Each year you promise yourself that you will do this, and you won’t do that. Then most of us stop. And if you stop, you feel guilty and beat yourself up for not sticking to it. And the cycle begins again.
Let me share with you a quick story… Two years ago one of our patients Julie came to see me mid-January and said: “This year my resolution is that by new years eve I’ll finally be able to set a resolution that’s NOT to lose weight!” I asked her why she didn’t make a different resolution this year, and Angela said it was because she really, badly needed to lose 2-3 stone first. “How long have you been setting this resolution for?” I asked, “About 10 years” she said, “I won’t be happy until I lose 2-3 stone, so I’ve really got to stick to it this year.” Does this kind of resolution sound familiar to you too? Many of us think getting motivated to reach a goal requires tough-love and setting things we think we should do to fit in to be ‘accepted’, and they usually come from a place of feeling shame or not feeling ‘good enough’. And it’s not your fault if you do!
Fitness and fat-loss are advertised in our faces everywhere. Despite the fact that these kind of goals have the opposite effect on motivation than we hope, most people continue to set them, and get frustrated when their resolutions have gone out the window come January 8th.
By the time Angela walked into my clinic that day, she had 10 odd years of heavy guilt and shame weighing down her goal to lose weight. So I flat out told her she was going to find it hard to reach that goal again if she kept the same goal and suggested she make her goal forgiveness for not losing it yet. “That’s all you want me to do?!” she asked looking confused. “Yes! That’s all!” Why? Because year after year when you have the same goal and don’t reach it, each year it becomes harder to believe you’ll ever accomplish it, and each year you feel worse that it goes unaccomplished.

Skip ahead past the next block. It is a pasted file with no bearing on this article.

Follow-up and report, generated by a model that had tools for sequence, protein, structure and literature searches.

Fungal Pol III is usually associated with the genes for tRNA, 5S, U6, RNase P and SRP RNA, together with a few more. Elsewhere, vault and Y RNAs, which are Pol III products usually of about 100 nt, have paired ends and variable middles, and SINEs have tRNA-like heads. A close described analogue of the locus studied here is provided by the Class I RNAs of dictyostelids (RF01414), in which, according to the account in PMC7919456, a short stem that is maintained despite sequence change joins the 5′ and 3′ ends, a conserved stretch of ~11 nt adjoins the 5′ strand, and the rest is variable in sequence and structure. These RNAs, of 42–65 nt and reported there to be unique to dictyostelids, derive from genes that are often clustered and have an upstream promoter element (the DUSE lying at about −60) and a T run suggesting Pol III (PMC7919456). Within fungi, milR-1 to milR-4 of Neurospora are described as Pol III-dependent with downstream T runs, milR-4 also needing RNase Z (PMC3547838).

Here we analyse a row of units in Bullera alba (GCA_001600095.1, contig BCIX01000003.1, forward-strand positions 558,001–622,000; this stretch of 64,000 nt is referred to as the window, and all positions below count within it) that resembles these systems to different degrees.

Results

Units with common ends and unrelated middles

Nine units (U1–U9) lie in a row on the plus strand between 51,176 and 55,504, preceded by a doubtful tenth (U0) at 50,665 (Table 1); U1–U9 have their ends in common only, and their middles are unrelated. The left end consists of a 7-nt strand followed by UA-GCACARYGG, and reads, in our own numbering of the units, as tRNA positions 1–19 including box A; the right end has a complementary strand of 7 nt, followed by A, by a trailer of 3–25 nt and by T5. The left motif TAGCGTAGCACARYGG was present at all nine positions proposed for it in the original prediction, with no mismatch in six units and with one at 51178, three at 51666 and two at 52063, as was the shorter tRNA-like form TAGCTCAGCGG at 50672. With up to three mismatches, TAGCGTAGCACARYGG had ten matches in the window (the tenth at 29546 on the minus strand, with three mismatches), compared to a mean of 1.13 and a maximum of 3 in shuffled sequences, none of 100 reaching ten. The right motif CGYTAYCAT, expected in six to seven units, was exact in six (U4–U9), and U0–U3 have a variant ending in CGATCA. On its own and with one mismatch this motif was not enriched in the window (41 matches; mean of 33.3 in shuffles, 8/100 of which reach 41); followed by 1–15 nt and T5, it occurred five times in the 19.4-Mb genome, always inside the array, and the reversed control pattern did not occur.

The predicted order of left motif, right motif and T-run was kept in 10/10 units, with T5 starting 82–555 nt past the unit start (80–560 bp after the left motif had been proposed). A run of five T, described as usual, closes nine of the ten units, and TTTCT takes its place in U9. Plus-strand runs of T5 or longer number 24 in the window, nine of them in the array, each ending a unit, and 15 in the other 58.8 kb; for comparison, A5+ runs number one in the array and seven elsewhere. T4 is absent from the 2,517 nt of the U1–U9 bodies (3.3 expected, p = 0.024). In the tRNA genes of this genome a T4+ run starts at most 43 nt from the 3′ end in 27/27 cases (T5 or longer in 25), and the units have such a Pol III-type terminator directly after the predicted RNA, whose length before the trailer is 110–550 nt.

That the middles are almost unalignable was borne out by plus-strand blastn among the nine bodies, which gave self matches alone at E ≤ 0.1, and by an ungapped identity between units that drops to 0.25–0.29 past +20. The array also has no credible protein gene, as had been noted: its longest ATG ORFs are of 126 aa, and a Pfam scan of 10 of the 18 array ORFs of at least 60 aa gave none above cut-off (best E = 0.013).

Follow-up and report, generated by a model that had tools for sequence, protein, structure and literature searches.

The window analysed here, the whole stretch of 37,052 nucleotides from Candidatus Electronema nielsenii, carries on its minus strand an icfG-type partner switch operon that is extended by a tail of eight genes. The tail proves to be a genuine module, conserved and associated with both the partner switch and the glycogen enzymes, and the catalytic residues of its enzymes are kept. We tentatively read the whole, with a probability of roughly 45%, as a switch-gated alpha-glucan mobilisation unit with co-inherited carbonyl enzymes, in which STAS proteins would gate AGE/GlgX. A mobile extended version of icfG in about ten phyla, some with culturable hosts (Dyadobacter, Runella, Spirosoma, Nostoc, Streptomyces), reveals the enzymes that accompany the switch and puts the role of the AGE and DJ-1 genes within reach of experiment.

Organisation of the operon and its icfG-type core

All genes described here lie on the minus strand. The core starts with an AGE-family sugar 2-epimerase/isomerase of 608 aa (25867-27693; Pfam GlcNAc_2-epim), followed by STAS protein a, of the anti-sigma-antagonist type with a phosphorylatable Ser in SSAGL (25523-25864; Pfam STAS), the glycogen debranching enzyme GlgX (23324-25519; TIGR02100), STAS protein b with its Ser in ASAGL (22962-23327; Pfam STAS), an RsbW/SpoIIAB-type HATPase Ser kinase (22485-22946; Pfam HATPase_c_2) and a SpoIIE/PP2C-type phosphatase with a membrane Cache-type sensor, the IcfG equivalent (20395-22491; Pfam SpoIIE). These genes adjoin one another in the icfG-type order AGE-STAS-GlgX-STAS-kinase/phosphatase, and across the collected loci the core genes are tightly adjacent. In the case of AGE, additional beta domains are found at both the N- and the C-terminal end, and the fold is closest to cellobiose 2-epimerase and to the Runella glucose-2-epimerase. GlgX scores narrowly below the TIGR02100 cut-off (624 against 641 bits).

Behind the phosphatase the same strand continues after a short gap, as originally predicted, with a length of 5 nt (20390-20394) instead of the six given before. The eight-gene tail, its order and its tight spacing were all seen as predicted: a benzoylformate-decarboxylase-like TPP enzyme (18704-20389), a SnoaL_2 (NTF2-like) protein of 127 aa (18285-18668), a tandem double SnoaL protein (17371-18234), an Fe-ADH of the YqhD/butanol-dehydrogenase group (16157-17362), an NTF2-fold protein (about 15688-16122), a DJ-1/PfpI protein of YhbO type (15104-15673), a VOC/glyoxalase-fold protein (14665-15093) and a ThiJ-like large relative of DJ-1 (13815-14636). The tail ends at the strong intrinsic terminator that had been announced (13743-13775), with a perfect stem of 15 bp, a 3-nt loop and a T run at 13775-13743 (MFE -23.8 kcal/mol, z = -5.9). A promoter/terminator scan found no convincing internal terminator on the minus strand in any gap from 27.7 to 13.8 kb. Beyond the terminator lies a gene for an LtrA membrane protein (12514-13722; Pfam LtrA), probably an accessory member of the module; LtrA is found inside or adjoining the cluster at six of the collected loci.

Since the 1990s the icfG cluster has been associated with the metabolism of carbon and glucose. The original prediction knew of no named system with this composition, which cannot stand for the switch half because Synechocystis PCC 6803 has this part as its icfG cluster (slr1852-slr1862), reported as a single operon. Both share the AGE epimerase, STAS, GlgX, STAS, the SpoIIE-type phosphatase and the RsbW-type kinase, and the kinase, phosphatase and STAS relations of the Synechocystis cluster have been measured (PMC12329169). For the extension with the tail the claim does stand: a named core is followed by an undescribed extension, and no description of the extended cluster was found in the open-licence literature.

So here’s my big tip for you this year when it comes to your resolutions: How about we make a pact to be kinder to ourselves instead of setting out on a mission to improve ourselves with goals that if we stumble on and fall over, we beat ourselves up over. If you find yourself slipping off track with the goals you’ve set – forgive yourself. You haven’t failed just because it’s mid-January and you’ve already stopped.
You can get back on track and pick yourself up. Of course it’s easier said than done. Being kind to yourself is a difficult thing to do. But while it might take a lot more self-reflection than counting calories and drinking green juices, giving yourself endless chances is the path to successful goal setting in any area of your life.
So have a plan, set mini goals to achieve your overall goal. Celebrate the achievements you make along the way and know it’s ok to slip up, you’re human, I slip up all the time! All you’ll be far more likely to stick to the healthier habits you’ve set yourself this year.